Recruiter emails are getting better.
This was where we used to be:
I wanted to shoot you a quick note on hot new Silicon Valley startup
MonkeyLab. MonkeyLab is x months old, has y million dollars in funding
and is going to transform the home monkey-rearing market.
When can we talk on the phone?
Now the low bar is a mention of my linkedin profile and some skill I have that they need.
The high bar is an email that isn’t from the recruiter but from the hiring manager. Mentioning specific things that are only true about me. These get a response at least.
My name is Bob and I’m not a recruiter. I run the Advanced Something group
I see from your LinkedIn profile that you are a ruby programmer and that you
have some experience of Erlang. We’re building an Erlang program with
ruby web app interface and we’d love to add you to the team.
I’m building for the future so even if you aren’t looking for an opportunity
now perhaps we can have a chat?
Does this represent a newfound earnestness on the part of those in charge of recruitment in Silicon Valley? Or is it just an arms race between my personal filter and the content of their emails? An arms race they can win because of the increasing amount of personal information available about me on the internet. In some sense it doesn’t matter. Forcing this kind of more sophisticated personal email that explains why I might be interested makes the initial interaction much more valuable either way.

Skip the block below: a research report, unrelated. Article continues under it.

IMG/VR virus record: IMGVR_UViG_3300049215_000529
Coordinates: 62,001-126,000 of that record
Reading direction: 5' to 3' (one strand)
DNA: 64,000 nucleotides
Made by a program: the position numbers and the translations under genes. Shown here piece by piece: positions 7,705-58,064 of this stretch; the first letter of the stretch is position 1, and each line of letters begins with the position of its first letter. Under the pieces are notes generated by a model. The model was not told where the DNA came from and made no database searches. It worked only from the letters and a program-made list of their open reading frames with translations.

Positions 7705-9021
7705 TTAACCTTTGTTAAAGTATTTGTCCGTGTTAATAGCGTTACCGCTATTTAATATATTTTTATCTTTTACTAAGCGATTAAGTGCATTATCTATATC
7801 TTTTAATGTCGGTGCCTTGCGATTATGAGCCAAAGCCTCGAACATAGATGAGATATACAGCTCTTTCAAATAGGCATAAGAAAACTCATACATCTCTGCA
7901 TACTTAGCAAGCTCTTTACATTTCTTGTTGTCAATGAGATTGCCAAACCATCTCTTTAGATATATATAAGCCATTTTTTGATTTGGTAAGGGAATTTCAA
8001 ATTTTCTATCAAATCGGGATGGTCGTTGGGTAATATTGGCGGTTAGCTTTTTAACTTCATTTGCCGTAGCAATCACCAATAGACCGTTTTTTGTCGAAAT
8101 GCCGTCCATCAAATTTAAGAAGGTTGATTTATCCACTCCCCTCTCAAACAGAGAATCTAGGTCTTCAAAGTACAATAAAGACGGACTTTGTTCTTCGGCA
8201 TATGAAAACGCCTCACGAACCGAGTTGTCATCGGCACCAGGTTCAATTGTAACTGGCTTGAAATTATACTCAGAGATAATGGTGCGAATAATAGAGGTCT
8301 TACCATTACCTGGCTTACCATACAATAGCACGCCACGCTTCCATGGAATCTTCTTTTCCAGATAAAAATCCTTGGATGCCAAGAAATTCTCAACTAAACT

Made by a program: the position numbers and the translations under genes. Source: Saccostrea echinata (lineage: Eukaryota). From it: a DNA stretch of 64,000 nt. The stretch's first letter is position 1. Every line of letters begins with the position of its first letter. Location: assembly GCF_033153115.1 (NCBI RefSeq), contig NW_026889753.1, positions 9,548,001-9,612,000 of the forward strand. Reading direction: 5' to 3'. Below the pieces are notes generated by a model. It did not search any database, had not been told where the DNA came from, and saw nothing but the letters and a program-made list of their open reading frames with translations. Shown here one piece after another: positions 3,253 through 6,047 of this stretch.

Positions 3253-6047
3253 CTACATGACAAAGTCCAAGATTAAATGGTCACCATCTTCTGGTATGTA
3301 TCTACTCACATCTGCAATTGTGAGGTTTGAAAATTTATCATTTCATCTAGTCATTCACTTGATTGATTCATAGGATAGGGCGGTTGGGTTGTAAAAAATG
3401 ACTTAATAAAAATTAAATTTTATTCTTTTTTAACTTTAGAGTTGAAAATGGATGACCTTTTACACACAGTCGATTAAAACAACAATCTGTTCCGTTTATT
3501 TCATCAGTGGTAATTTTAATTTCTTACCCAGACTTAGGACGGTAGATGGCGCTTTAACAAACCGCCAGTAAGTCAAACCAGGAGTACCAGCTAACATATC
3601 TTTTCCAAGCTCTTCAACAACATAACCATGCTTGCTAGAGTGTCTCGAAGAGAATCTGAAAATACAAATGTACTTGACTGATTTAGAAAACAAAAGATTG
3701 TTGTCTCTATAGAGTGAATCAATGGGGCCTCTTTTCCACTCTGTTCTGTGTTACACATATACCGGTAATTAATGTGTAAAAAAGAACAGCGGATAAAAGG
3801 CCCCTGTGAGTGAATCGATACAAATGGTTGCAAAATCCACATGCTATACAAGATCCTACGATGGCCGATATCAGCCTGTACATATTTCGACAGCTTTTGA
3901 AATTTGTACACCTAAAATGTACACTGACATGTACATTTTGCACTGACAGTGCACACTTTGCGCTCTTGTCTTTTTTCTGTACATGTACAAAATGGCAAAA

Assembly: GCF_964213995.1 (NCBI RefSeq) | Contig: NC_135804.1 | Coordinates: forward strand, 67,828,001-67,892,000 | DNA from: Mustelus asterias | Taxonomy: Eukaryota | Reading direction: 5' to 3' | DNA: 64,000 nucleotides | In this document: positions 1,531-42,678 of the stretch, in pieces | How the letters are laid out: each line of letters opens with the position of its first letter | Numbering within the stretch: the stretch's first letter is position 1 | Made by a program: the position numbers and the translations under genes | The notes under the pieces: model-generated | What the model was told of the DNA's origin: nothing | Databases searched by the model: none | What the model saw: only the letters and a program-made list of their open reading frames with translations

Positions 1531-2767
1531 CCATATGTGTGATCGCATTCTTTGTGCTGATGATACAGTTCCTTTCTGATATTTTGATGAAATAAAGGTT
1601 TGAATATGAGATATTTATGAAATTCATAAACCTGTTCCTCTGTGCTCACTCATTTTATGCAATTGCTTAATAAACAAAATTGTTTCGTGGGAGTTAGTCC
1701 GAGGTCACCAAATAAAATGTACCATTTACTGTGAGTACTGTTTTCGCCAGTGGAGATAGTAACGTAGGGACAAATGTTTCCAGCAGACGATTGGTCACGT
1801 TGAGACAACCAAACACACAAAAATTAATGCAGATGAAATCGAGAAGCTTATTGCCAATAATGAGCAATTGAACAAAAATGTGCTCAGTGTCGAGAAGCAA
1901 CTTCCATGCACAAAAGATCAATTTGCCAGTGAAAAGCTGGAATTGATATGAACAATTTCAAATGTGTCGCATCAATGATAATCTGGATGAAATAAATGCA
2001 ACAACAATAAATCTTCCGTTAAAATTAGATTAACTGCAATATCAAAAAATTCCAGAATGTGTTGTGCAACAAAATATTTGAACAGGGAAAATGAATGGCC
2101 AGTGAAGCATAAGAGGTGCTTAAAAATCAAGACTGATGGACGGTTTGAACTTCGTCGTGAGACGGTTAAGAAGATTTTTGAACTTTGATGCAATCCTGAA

Now I’m just waiting for this email:
My name is Paul Graham. I’m not a recruiter.
We’re looking for a tall developer with blue eyes who wants to
simultaneously build the next generation Magic: the Gathering app and do
something worthy-yet-technical like Kiva while being fabulously
The app is going to be written entirely in Haskell. You will work alongside
Simon Peyton-Jones, Steve Yegge and Aaron Swartz.
In your spacious private offices in London, San Francisco and Tokyo there
will be live music from the Decemberists and Amanda Palmer.
Here’s my personal cell number, call any time of day or night.
PS Spectrum BASIC > Lisp